People

Sara Plumhoff

 

Sara Plumhoff didn’t know what was coming when her daughter, Danner, was born six years ago with birth defects. “My daughter was born with special needs. She was born with craniosynostosis. When babies are born their heads are in plates. So as their brain grows, their head grows, they get a fontonel, the soft spot in the front. It’s not until they’re older that the skull actually forms and fuses together. In her case some of those plates were fused together prematurely and her head is unusually shaped. Because of that she has a huge underbite. And her nasal passages were constricted.

Danner was born in Montrose—they said ‘something is wrong with your baby, she can’t breathe.’ Her head is crazy shaped.They intubated her and flew her to Denver. They did a trachiotomy so she could breathe. She had the trach for a year. With the dry high altitutude air it makes breathing harder. 

“At first I was completely freaked out, but the thing about Danner was she was healthy. And mentally she is the amazing, off the charts, the smartest, sassiest little girl you ever met. We’ve done 10-hour surgeries where they literally take her skull off and put it on a table and shape it and put it back.

It opens you up to a whole different part of life that you’d never known of….Medicaid, special needs, getting home health, all the things that are  beyond home, family and work.

It teaches you what you can and cannot do.

I have to take extra time off from work. But I work at night and in the mornings.

That book “Wonder” is my life story, but I’m not ready to read it.

In her early years, Sara Plumhoff was the General Tire version of a service brat. Because of her father’s job with General Tire, the family moved every two years until she ended up in high school in Ohio. She believes she got her wanderlust from moving so much in her youth.

After high school, Sara went to college in Virginia, at the University of Richmond.

She wound up in Colorado because her husband, Jim, is a hunter,  and he wanted to head here for all the Western Slope has to offer.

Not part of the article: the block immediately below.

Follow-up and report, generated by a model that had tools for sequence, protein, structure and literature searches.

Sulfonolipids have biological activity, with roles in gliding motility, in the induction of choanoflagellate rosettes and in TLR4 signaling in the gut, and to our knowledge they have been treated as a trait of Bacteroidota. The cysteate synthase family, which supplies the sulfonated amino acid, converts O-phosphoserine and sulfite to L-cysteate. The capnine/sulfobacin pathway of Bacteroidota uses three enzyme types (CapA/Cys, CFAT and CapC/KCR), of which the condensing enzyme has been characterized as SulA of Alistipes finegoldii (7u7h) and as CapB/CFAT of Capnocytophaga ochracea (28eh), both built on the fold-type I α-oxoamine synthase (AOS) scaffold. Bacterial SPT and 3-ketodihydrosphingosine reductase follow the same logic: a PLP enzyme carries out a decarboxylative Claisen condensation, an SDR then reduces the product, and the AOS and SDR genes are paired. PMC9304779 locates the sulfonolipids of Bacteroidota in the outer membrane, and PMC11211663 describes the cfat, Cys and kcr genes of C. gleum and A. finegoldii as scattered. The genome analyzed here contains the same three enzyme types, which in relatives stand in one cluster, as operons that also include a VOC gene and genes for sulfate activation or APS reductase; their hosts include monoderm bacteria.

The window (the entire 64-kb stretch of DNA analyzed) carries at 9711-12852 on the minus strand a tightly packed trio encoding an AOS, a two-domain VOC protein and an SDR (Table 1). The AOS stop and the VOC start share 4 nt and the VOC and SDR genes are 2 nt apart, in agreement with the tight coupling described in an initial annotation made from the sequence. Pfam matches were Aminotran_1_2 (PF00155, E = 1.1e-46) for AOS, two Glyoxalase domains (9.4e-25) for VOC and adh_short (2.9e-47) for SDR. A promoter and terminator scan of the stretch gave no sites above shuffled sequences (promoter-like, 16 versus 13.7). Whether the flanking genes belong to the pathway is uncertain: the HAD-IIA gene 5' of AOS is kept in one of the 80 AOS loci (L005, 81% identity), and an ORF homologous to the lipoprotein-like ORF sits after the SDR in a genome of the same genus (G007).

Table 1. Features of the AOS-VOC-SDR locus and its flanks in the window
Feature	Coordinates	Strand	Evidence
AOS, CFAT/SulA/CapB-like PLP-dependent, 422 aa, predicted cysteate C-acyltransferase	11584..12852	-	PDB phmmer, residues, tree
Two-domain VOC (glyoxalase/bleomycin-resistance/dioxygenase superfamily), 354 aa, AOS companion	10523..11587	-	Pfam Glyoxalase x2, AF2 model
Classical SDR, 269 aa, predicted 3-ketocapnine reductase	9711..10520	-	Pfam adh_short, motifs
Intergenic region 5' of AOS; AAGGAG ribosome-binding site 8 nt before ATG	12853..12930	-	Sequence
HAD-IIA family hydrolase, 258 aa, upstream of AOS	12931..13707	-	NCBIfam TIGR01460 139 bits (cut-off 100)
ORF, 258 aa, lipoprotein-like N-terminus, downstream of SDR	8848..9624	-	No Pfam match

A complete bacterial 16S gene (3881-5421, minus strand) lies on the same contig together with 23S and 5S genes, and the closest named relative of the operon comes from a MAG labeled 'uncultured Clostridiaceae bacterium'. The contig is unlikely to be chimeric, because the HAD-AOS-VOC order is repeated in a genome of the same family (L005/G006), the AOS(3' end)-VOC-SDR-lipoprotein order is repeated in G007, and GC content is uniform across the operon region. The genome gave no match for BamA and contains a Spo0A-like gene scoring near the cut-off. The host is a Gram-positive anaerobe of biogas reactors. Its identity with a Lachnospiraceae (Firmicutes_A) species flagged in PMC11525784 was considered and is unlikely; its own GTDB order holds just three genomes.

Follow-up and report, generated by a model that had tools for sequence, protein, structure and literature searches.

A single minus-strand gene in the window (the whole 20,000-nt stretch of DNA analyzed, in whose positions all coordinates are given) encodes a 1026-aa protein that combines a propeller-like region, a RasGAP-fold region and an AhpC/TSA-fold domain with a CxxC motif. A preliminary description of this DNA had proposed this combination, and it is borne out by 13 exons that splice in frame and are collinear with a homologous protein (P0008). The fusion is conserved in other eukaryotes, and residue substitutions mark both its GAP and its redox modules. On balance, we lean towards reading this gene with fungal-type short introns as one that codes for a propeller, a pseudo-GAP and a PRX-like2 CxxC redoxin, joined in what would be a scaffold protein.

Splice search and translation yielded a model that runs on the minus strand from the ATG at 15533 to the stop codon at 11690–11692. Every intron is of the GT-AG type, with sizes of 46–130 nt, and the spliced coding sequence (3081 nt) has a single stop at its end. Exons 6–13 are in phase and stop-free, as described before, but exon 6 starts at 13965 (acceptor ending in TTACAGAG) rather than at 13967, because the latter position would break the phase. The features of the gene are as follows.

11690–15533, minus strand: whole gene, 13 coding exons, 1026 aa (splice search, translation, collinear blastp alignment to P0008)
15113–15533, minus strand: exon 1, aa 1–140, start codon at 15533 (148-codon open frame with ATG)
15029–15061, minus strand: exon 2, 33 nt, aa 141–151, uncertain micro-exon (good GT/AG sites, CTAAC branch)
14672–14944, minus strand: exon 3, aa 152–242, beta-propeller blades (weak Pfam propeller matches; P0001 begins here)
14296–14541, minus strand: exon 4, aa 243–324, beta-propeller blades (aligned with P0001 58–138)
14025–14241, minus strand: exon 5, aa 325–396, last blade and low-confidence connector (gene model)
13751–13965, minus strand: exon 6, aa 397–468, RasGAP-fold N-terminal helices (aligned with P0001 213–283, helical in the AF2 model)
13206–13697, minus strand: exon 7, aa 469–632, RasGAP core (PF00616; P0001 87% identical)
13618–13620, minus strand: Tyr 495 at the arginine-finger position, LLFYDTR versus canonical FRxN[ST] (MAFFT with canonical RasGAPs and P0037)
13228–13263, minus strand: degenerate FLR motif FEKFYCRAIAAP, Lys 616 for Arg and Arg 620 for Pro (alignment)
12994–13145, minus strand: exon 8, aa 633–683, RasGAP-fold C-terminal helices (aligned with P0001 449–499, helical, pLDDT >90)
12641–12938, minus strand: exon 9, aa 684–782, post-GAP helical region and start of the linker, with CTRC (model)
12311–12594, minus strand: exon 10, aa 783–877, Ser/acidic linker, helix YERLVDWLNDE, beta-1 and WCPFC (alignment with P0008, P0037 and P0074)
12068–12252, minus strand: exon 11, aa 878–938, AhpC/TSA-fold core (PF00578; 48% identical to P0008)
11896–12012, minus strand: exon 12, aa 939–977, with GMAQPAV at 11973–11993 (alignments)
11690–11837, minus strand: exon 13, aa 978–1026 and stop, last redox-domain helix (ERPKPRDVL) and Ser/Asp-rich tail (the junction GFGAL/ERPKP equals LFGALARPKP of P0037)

“As an executive director of a non-profit you wear 27 hats and do different things all the time,” Sara explained. “In this particular job I work with a lot of donors, and try to get donors to start funds with the Foundation. So we manage a lot of assets and funds (about $5 million).

“It’s my job to work with the County and the city, the school district, the Montrose Economic Development Corp.,   and all the different organizations so I know what the issues are facing the community.  That way, when people want to give away money and we are granting out dollars, we know how to grant the dollars out most wisely.”

In the last year, the Foundation has given out $300,000. Some of it is actually Community Foundation funds from community endowments. The rest of them are from other donors.They give out about $40,000 in scholarships each year to local college students. $40,000 in grants goes out through the grant cycle, which happens once a year.There is a committee that reviews all of them, picks certain criteria, and awards the grants.

“We’re pretty small as a Community Foundation. We have $5 million. Telluride has millions of dollars. Western Colorado Community Foundation in Grand Junction has millions of dollars.” The Foundation has two major fundraisers a year. The first is The Concert at the Bridges, in partnership with the Dolphin House, in June. In the summer, they do a  “Savor the San Juans” home tour with the chefs and decorators. That event is done in collaboration with Valley Food Partnership.

 

About the author

Mavis Bennett

Mavis Bennett

A western Colorado resident for most of her life, Mavis Bennett is the publisher of the Montrose Monitor. She has written for newspapers and magazines more than three decades and founded the popular Monitor Magazine in 2003. This web site is the logical progression for the Monitor.